This paper puzzles with the routinised construction of security issues in a comparative outlook in the Baltic Sea and the Eastern Mediterranean. In observing the quest of small states in pursuing physical and ontological security, this paper sets out to assess the theoretical, conceptual, and empirical paradigms derived from the Baltic Sea and the Eastern Mediterranean. Specifically, small states in the Baltic Sea – including Denmark, Estonia, Finland, Sweden, Latvia, and Lithuania – and small states in the Eastern Mediterranean – including Cyprus, Israel, Jordan, and Lebanon – have two altered, yet comparable realities in their daily device, formulation, and practice of foreign, security, and defence policies. While the Baltic Sea small states often find themselves more unified in their approach towards security, the Eastern Mediterranean small states have a multitude of gaps and do not experience such an in-depth level of cooperation. In the case of the Baltic Sea, small states often have a common perceived threat: Russia. On the other hand, small states in the Eastern Mediterranean have different contestations and collaborations. For example, Cyprus mostly perceives Turkey as its primary security concern, while maintaining good relations with Jordan, Lebanon, and Israel, who by contrast do not exhibit the same level of hostility towards Turkey. Nonetheless, similarities persist. For instance, small states in either region may group together, collaborating on a daily basis over security and defence, while identifying common patterns for further improvement in their policy work. Drawing from the Baltic Sea paradigm, small states in the Eastern Mediterranean may learn and benefit in their everyday construction of their own regional security realities.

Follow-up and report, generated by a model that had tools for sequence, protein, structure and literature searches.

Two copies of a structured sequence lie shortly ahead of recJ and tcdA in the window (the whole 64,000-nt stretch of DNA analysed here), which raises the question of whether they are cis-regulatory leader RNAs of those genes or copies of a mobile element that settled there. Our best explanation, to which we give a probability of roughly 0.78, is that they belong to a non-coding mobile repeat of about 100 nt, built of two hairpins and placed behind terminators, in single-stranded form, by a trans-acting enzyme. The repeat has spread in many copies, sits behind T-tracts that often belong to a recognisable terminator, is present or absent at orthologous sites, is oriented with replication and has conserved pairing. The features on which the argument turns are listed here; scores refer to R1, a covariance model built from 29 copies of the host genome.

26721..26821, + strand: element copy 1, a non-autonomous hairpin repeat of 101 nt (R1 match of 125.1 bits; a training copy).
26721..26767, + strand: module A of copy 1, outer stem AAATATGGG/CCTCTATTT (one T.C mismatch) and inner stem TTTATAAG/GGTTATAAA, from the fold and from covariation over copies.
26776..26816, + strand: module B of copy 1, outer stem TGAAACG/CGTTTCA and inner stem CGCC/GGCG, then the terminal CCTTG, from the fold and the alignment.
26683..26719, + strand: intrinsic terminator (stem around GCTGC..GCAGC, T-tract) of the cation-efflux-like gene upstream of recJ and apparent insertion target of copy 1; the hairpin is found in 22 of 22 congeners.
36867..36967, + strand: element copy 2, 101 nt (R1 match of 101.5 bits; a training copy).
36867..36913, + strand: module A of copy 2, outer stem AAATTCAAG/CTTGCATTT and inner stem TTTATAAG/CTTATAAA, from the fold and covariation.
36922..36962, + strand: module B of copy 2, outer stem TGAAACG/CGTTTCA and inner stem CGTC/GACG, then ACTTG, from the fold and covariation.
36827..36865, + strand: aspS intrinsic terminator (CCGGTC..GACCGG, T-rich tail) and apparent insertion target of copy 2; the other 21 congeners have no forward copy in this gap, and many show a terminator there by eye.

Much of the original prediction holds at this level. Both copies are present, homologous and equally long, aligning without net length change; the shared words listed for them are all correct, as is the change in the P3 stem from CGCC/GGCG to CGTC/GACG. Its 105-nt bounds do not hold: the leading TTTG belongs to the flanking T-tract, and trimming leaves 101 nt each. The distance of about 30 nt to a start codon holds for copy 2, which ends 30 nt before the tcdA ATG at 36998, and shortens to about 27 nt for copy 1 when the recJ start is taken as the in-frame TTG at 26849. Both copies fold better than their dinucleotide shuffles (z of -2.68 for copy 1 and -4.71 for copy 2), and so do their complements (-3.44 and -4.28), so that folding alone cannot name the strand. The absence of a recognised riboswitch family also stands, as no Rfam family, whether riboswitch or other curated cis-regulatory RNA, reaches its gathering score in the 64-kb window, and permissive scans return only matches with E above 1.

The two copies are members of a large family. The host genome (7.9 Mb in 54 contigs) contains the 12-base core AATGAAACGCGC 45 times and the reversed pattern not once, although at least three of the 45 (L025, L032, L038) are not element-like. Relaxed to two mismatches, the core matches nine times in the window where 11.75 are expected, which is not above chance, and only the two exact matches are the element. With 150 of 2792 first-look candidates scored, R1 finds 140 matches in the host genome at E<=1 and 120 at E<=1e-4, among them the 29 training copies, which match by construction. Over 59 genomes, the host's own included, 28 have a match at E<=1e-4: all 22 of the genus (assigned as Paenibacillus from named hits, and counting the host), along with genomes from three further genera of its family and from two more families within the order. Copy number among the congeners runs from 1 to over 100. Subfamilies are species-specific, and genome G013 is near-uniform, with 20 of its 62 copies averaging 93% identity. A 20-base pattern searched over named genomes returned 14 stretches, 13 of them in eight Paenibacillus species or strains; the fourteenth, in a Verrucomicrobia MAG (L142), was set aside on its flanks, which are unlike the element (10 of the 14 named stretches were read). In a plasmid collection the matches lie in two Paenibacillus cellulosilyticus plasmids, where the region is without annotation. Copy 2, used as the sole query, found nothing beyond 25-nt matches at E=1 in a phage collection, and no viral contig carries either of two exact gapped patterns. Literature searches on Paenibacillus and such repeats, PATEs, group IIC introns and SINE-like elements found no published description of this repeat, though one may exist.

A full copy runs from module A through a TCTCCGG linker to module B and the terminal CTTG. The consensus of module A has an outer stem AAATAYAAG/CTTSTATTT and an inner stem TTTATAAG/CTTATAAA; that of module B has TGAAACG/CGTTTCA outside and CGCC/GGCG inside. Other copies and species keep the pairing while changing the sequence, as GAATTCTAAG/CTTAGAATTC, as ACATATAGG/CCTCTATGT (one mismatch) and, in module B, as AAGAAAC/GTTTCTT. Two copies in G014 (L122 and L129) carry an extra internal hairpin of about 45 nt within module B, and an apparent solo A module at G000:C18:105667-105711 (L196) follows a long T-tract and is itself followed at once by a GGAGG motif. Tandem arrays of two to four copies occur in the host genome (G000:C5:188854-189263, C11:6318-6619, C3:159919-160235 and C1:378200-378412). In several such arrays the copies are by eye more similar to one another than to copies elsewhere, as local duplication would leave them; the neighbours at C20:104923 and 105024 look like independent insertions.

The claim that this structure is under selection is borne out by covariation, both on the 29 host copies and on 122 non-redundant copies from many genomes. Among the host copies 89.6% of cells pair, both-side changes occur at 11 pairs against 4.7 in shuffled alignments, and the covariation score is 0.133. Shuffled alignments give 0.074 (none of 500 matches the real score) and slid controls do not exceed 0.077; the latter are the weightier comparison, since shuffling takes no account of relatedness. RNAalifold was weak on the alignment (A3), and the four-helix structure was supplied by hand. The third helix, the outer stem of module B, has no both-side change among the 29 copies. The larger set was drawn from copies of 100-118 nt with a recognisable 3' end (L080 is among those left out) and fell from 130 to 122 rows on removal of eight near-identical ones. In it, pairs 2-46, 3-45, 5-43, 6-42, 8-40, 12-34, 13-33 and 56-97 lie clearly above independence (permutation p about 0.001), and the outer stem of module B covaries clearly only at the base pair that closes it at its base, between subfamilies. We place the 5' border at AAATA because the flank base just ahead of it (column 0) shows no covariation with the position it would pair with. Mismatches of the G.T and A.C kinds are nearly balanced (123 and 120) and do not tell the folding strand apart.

Baltic Sea, Eastern Mediterranean, Ontological Security, Regional Security, Small States